Ronald Siegel was a research associate for the Institute for Defense and Disarmament Studies’ (IDDS) Northeast Asia Security Project, which examined issues of nuclear weapons, conventional forces, and global warming. He wrote the IDDS’s September 2001 report on rogue-state missiles, titled “The Missile Programs of North Korea, Iraq, and Iran.” In that document, Siegel concluded that “the forecasts of an imminent ICBM threat from North Korea, Iraq, or Iran directed at the continental United States are unfounded.” He elaborated:
“At the earliest, North Korea could pose a minimal threat to Alaska and Hawaii by 2005 and a more substantial threat to the United States by 2010. Iraq and Iran could pose substantial threats by 2015. These timetables assume that nothing happens along the way to stop or delay ICBM development. In order to pose even a minimal threat, a government must be willing to risk national annihilation in order to deliver a few low yield nuclear warheads to U.S. cities, killing perhaps a few tens of thousands of civilians. In order to pose a more substantial threat, a state would have to undertake and complete a great deal more development than any has done so far. The lack of an impending threat undermines [America’s] justification both for early withdrawal from the ABM Treaty and for committing to the acquisition of a troubled [missile defense] system before there has been thorough and realistic testing. If the more substantial threats eventually materialize, the currently proposed NMD systems will be less than completely relevant to the problem.”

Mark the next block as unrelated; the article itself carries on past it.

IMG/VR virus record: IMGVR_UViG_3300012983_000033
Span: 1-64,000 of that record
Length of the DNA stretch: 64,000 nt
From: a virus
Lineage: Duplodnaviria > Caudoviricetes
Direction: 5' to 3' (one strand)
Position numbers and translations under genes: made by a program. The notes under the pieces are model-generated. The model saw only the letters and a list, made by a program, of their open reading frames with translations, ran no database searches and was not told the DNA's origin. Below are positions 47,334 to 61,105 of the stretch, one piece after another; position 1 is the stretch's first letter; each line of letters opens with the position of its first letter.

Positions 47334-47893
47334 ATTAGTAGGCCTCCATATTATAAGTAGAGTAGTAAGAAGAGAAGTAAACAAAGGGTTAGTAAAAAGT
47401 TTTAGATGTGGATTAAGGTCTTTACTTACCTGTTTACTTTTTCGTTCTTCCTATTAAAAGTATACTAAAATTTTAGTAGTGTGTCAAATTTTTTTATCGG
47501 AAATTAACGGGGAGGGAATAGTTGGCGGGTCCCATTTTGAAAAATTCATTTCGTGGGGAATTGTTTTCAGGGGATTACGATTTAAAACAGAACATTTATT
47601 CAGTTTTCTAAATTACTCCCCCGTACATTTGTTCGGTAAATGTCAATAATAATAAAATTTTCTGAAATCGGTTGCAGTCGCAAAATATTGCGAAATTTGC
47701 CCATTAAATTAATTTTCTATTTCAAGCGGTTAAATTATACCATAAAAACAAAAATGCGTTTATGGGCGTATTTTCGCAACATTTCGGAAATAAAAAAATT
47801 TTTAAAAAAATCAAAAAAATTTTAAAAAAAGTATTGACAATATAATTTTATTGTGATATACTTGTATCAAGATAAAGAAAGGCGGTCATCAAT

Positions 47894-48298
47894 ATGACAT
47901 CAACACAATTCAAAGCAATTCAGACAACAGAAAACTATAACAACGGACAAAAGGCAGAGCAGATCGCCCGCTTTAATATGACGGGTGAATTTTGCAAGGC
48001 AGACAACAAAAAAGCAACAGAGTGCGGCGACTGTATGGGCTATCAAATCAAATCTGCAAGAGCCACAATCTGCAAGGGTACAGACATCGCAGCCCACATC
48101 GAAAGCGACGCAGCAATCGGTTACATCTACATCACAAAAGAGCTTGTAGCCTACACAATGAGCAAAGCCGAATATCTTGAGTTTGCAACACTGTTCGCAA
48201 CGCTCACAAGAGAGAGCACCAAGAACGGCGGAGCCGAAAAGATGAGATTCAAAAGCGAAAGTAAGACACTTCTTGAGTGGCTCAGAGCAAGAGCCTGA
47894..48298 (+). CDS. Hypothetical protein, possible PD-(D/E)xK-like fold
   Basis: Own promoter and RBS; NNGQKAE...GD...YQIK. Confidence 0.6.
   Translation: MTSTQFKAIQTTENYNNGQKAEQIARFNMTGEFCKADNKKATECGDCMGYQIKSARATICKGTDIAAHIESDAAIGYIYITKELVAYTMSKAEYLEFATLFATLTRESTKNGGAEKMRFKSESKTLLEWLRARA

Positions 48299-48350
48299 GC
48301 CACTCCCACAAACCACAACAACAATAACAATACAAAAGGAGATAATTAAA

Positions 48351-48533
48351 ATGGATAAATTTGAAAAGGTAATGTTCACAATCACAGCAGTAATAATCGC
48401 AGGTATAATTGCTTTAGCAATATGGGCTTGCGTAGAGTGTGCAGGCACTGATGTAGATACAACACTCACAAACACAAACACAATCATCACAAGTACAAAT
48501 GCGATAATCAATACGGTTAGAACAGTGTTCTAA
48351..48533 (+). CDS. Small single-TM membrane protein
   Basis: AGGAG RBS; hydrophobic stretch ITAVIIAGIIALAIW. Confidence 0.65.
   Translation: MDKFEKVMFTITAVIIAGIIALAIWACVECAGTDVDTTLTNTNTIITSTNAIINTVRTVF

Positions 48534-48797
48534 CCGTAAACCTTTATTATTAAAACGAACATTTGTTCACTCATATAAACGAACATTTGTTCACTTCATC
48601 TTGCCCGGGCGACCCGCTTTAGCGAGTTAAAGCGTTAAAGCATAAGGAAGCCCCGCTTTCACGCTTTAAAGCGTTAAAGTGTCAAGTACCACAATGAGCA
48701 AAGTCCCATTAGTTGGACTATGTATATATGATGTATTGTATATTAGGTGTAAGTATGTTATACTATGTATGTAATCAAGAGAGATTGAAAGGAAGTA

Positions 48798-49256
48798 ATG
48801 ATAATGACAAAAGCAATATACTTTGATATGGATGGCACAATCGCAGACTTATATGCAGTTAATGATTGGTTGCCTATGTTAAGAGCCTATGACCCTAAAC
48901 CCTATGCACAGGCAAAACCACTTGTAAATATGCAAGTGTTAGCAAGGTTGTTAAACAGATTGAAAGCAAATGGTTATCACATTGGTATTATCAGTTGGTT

Siegel’s report also derided the Bush administration’s desire to deploy a National Missile Defense system in Alaska, characterizing the plan as “manifestly unworkable.”
Further Reading: “DPRK Briefing Book : The Missile Programs of North Korea, Iraq, and Iran” (by Ronald Siegel, Nautilus.org).